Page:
God Above, Through, and In All

A Sermon by Don Erickson
Delivered at Metcalf Chapel, Warwick, MA

Our favorite place to play in the summer was the acres of land behind John L. Edwards Elementary school in Hudson, New York. We would walk down the grassy hill beside the school and then another hill. Both hills in the winter were perfect for sledding but in the summer were merely steep. We would pass an acre of woods, and in that acre of woods stood a tree with a sturdy, secure, hanging vine which we used to play Tarzan, swinging from the tree into the open sky and back again. The mini-forest also included a cherry tree that provided us free fruit in the summer. 

The two grassy hills led to a large field of flat grass big enough to fit its two baseball fields now no longer there. We boys in the neighborhood used regularly those fields in the summer and into fall. Our favorite of the two fields was the one whose right field ended in a running stream. The stream separated the field from more acres of woods. The rare homerun would see the ball landing in the woods. I am sure there are some still there.

When we weren’t playing ball we were trudging through the woods. There was a legend  of sorts that if we walked through those  woods on the other side of the baseball field and up one of its hills we’d come to a house of a recluse who protected his homestead by yelling and screaming obscenities at trespassers. One day, my friend Brian Myers and I feigned courage and began walking into those woods and up that hill, but we got afraid of images of a screaming recluse in our minds and decided we’d walk back the other way.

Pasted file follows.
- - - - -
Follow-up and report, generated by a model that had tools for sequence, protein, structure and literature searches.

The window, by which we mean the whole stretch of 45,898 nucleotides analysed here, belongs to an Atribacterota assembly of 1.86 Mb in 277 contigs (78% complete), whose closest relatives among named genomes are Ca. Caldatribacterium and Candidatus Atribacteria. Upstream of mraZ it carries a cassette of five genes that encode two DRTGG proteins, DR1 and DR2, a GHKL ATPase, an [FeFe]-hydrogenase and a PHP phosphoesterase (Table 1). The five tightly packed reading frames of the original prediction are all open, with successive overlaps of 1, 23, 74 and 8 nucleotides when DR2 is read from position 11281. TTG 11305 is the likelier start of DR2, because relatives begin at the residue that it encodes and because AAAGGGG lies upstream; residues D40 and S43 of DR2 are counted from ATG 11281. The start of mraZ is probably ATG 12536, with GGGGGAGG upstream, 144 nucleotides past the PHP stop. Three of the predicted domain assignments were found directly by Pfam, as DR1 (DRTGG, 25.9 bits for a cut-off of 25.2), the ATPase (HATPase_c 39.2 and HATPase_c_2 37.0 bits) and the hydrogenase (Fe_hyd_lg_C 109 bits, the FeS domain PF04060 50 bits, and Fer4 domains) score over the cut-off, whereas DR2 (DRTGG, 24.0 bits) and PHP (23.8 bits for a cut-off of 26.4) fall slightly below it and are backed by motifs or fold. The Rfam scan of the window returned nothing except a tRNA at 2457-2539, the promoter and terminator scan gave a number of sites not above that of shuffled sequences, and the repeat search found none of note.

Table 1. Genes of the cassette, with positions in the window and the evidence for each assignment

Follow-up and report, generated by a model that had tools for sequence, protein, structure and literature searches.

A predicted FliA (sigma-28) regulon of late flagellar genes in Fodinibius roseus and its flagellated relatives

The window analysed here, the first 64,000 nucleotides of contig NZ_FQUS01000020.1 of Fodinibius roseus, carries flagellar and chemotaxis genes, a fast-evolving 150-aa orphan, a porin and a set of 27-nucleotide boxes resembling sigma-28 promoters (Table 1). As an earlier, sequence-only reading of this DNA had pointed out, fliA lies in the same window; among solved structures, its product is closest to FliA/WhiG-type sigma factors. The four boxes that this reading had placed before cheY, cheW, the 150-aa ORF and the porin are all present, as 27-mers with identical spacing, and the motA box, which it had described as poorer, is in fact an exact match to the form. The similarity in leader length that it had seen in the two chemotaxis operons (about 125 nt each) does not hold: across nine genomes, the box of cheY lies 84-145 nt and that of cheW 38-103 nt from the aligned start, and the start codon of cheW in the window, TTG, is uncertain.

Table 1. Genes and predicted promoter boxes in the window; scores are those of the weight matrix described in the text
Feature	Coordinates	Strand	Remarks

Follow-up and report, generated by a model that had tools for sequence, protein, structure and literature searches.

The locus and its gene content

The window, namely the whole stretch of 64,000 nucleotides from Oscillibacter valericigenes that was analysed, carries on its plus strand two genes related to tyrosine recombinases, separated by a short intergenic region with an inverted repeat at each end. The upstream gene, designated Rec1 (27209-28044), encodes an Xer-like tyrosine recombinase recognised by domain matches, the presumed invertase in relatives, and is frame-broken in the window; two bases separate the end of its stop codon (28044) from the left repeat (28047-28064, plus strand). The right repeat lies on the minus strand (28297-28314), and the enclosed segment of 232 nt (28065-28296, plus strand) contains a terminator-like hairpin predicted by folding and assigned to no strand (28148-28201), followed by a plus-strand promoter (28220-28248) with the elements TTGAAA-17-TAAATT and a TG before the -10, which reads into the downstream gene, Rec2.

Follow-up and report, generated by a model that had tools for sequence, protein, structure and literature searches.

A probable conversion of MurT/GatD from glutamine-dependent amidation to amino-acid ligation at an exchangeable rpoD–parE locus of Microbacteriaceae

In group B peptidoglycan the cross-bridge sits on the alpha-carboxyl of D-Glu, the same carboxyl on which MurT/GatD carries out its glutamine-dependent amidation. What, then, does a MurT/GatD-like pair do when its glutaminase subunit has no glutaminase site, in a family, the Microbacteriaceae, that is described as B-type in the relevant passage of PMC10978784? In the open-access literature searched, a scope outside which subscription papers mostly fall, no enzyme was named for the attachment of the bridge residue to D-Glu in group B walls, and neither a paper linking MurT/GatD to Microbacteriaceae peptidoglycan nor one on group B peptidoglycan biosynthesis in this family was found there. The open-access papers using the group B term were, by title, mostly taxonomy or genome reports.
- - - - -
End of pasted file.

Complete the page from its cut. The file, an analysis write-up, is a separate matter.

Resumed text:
Anyway, we’d spend whole summer days outside, alternating between playing baseball in that field, hiking through woods, just sitting in the grass and joking around And yes, we’d go home to eat lunch somewhere in there.

Thinking about these memories, I wonder how rare our experience is today. We were allowed to spend hours and hours outdoors away from the purview of our parents. It was the norm, in fact. Times have changed, as they say. Such seems to be a remnant of yesteryear now, a thing of generations past. 

Sad but true, parental concern about safety has combined with young people’s love of video games, resulting in a rather significant cultural problem. Children don’t enjoy the outdoors as they once did, instead many remain content to stay inside. In his book Last Child in the Woods, Richard Louv describes it in depth and terms it Nature-Deficit Disorder. Just the term to me is tragic.

Imagine John Muir, the father of the environmentalist movement, staying inside and not being able to write the following:

When I was a boy in Scotland I was fond of everything that was wild, and all my life, I've been growing fonder and fonder of wild places and wild creatures.